Please note that these ratings solely represent the complete review's biased interpretation and subjective opinion of the actual reviews and do not claim to accurately reflect or represent the views of the reviewers. Similarly the illustrative quotes chosen here are merely those the complete review subjectively believes represent the tenor and judgment of the review as a whole. We acknowledge (and remind and warn you) that they may, in fact, be entirely unrepresentative of the actual reviews by any other measure.

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The complete review's Review:

       Though very much a novel of Poland, The Homeless opens in Paris, where Tomasz Judym is completing his studies. In the opening chapter he ventures to the Louvre and runs into a group of tourists, four women who are, like him, from Poland: a Madam Niewadzka, her two orphaned granddaughters, Natalia and Wanda, and their companion, governess Joanna Podborska. Judym is class-conscious -- "He understood that he was their social inferior, but at the same time he, a cobbler's son but now a doctor, was an aspirant to 'society'" -- but they welcome being shown around a bit by their compatriot and the young women certainly intrigue him (especially Natalia, who: "looked him in the eye for a moment, boldly, searchingly, intoxicatingly"). Still, it's just a short adventure: they're soon off, headed for England -- and presumably out of his life.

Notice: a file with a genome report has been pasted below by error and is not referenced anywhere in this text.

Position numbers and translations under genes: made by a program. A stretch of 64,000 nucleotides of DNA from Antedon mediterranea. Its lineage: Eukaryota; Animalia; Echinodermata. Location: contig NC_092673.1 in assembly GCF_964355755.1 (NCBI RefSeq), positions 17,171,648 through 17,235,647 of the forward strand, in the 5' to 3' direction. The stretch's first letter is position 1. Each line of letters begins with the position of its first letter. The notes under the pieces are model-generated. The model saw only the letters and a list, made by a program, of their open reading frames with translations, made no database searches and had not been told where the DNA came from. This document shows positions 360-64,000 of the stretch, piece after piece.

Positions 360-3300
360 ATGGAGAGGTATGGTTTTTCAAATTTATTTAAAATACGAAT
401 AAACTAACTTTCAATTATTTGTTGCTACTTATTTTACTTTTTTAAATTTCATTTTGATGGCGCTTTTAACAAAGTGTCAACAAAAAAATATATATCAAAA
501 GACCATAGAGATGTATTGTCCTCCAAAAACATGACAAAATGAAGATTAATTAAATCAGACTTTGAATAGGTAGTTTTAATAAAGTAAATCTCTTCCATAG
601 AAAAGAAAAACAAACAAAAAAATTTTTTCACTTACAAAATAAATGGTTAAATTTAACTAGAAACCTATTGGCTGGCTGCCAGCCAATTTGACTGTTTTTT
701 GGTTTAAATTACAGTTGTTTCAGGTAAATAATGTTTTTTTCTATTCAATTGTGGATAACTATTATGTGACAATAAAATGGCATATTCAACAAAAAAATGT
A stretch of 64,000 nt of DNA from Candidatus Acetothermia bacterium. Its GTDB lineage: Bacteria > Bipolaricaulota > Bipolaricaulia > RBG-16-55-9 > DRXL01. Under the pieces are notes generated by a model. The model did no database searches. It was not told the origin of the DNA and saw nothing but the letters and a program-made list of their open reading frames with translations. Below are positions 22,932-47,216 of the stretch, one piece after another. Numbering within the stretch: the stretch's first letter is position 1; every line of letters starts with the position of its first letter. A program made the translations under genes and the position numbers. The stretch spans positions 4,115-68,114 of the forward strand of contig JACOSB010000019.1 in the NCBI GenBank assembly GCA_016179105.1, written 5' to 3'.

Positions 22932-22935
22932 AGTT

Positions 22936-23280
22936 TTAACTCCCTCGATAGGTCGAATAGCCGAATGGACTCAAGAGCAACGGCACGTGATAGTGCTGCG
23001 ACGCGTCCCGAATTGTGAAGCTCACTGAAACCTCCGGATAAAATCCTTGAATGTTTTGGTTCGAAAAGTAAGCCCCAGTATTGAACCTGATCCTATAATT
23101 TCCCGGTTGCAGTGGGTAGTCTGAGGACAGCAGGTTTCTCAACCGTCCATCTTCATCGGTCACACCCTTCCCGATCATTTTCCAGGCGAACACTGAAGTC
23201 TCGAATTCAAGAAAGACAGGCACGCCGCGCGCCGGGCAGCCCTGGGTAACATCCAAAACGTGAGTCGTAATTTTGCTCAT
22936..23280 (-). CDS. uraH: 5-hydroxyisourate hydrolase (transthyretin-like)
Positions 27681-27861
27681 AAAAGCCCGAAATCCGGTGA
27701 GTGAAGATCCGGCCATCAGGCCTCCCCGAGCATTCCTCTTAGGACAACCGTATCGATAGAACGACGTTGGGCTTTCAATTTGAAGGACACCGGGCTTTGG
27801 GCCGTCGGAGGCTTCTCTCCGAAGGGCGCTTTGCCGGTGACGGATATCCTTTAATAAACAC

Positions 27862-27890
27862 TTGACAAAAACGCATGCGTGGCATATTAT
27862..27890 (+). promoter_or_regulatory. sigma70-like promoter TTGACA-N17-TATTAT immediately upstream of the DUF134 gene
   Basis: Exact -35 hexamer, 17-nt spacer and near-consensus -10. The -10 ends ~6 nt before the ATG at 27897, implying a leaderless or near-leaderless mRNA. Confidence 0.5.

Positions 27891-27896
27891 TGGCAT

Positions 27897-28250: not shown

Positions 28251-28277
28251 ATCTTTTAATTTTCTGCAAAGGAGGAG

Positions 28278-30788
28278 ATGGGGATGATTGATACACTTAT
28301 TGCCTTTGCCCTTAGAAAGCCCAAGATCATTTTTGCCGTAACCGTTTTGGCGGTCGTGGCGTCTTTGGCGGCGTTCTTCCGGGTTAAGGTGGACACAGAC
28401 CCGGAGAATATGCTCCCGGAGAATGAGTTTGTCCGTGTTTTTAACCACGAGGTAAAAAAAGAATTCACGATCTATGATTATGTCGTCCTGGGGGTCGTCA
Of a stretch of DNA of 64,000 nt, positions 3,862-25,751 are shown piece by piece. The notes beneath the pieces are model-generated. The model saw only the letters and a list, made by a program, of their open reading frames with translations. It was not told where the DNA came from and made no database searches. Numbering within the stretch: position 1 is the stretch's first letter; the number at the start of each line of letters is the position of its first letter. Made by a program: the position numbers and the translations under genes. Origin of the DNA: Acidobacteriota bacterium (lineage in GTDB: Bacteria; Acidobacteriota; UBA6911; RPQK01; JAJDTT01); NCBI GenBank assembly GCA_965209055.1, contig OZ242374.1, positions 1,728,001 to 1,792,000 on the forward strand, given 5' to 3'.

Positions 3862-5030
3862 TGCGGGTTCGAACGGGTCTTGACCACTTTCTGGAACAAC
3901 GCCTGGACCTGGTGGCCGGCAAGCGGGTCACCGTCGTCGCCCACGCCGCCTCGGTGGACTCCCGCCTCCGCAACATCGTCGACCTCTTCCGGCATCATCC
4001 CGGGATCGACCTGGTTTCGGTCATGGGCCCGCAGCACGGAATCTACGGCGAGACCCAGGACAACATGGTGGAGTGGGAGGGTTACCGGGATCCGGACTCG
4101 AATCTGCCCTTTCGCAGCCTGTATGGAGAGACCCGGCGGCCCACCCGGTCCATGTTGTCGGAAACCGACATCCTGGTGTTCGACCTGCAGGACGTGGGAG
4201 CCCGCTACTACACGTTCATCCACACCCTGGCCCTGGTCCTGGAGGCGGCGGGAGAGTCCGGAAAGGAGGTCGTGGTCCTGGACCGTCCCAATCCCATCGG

That first chapter is more or less just an episode, or preamble; the second finds Judym back in Warsaw, a full year later, settling down and trying to establish himself. He also visits his family -- a brother and sister-in-law who remain stuck not being aspirants to 'society'. Judym's brother Wiktor notes the difference between them: "You went away from home, and we stayed as we were". Judym's path up and out of these conditions was facilitated by their aunt, who chose between them -- as Wiktor recalls it: "She took you because you were better-looking, and that was it". Even so, Judym did not have it easy, but her support did allow him to complete his medical studies.
       Judym's idealism immediately clashes with the established medical order; his complaint that: "The doctor of today is the doctor of the rich !" doesn't go over well among the doctors whose comfortable lifestyles this arrangement allows for. Judym is frustrated: here and later, it's obvious to him that the unsanitary conditions faced by many poorer folk could easily -- and should -- be addressed. He insists: "Isn't it our duty to promote hygiene in places where there is none, and where such terrible conditions prevail ?"